Famous detective Charlie Chan is called out of retirement to help a San Francisco detective solve a mysterious series of murders. With his bumbling grandson as his sidekick, Chan also ... See full summary »
Charlie is the intended murder victim here, and he avoids death only by chance. To find the murderer (since, of course, murder does occur), Charlie must outguess Scotland Yard and New York City police.
John G. Blystone
Chan goes to Paris for a reunion with friends from World War I. There he investigates the murder of a munitions manufacturer who was supplying arms to the enemy. At the end Charlie preaches to us about the dangers of peace conferences. Written by
Ed Stephan <firstname.lastname@example.org>
Decent mystery with timely setting but underdone plot and script
The "City in Darkness" is Paris, where Charlie Chan and a group of colleagues from the last Great War are gathered for a reunion on the eve of the next one. As the picture opens, a newsreel-style sequence presents a fascinating and frightening summary of European events of 1938as they appeared from the vantage point of early 1939.
In this setting, with war imminent and preparations mounting, the nighttime blackout in effect occasionally helps the story alongsuch as the scene in which Mr. Chan, captured and tied up in a shop's back room, manages to surreptitiously switch on an outside light, knowing the police will come and pound on the shop door and thus rescue him.
The plot itself concerns the murder of a shady character named Petroffand the usual number of suspects who may have had reasons (personal or political) for doing away with him. There's a shop owner (Leo G. Carroll) who makes and sells fake passports on the side; a young couple (Richard Clarke and Lynn Bari) trying to catch the last boat for America for six days; a "business associate" (Noel Madison) of Petroff's who slides in and out of the picture; and butler and patriot Antoine (Pedro de Cordoba).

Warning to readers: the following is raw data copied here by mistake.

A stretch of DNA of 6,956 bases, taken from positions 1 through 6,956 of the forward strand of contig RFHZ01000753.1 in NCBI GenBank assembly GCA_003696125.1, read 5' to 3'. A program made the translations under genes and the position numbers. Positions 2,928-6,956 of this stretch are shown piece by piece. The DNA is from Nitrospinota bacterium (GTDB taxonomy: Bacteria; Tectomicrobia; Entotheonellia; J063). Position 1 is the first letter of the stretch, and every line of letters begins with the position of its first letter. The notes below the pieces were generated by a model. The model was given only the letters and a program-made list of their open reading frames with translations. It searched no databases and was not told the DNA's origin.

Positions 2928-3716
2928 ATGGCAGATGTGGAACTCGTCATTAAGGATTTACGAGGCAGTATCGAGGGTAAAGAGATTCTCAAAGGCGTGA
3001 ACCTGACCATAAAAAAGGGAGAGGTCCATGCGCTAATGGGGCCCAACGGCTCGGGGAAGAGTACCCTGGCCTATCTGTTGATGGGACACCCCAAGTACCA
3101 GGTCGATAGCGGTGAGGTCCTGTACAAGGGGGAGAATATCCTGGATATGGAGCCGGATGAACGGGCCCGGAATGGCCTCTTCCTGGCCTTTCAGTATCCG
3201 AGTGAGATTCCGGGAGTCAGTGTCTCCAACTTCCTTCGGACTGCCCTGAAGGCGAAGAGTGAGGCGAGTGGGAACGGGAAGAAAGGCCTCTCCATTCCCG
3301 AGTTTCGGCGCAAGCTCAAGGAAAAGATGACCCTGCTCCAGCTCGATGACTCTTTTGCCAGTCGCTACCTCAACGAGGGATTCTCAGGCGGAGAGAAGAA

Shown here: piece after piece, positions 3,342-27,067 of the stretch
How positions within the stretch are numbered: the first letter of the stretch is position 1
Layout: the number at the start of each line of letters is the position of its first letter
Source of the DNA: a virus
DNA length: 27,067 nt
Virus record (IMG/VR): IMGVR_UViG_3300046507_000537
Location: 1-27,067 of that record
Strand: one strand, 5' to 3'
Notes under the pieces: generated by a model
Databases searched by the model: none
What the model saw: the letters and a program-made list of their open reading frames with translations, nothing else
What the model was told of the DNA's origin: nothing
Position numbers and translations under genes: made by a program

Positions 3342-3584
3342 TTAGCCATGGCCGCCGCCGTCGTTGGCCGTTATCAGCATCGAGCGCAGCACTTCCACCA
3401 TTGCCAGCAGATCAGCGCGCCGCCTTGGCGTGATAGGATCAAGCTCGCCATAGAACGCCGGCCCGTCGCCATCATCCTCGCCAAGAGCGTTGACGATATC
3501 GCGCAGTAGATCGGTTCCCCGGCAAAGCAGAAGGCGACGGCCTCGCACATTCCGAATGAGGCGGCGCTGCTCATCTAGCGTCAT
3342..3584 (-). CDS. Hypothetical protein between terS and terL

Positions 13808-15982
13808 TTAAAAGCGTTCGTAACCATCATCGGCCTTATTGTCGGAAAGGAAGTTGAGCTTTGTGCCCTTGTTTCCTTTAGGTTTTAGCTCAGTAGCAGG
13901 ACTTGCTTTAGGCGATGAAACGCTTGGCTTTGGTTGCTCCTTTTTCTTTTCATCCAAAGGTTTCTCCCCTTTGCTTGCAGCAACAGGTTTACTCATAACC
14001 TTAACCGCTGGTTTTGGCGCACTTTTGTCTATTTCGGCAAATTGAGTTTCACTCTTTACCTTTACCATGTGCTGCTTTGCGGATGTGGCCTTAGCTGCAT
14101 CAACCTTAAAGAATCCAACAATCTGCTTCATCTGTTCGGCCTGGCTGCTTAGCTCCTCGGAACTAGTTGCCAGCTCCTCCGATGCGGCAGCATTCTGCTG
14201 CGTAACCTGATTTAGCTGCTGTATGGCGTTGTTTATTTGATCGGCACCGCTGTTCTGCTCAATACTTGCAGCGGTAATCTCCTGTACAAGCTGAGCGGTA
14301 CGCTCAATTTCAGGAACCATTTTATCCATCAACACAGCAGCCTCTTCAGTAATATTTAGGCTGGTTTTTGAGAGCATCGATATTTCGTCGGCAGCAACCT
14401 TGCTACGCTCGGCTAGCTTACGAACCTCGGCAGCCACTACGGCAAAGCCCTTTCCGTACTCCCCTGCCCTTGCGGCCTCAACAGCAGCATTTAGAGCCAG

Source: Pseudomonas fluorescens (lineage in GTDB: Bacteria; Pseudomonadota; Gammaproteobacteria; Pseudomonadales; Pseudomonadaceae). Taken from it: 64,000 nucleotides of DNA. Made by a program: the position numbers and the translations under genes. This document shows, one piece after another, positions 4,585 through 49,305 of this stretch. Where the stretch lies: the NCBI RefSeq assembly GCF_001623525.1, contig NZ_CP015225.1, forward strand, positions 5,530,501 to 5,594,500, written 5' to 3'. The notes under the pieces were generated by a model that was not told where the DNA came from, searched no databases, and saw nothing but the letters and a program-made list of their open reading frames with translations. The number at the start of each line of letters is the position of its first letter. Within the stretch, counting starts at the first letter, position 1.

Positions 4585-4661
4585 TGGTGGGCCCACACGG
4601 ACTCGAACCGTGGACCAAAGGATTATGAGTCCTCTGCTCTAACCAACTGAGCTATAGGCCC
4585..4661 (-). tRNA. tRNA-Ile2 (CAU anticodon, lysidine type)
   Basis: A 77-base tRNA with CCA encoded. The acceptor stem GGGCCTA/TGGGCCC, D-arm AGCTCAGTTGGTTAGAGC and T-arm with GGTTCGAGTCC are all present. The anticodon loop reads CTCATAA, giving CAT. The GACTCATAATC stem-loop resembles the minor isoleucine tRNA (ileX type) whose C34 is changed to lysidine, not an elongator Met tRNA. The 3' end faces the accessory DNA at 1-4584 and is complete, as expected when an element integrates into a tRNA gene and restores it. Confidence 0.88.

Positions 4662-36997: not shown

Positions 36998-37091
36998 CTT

C. Henry Gordon is a natural as the prefect of police, the old friend Chan has come to visit. Sidney Toler is solid if rather subdued as Mr. Chan. Instead of assistance from number two son, however, this time around Chan has to deal with
Harold Huber as a bumbling inspector who hopes to solve this case to impress the prefect. His accent is thick, his gestures are exaggerated, and whenever he is on screen he interrupts loudly, whoever else may be speaking. It's a comic rolebut, for my taste at least, it's a bit too much. I'm all for broad humor but in this case it only partially works and it distracts from an otherwise rather serious movie.
It's certainly an interesting setting but overall I'm not sure they didn't concentrate too much on the picture's timeliness and neglect to polish the dialog and plot.
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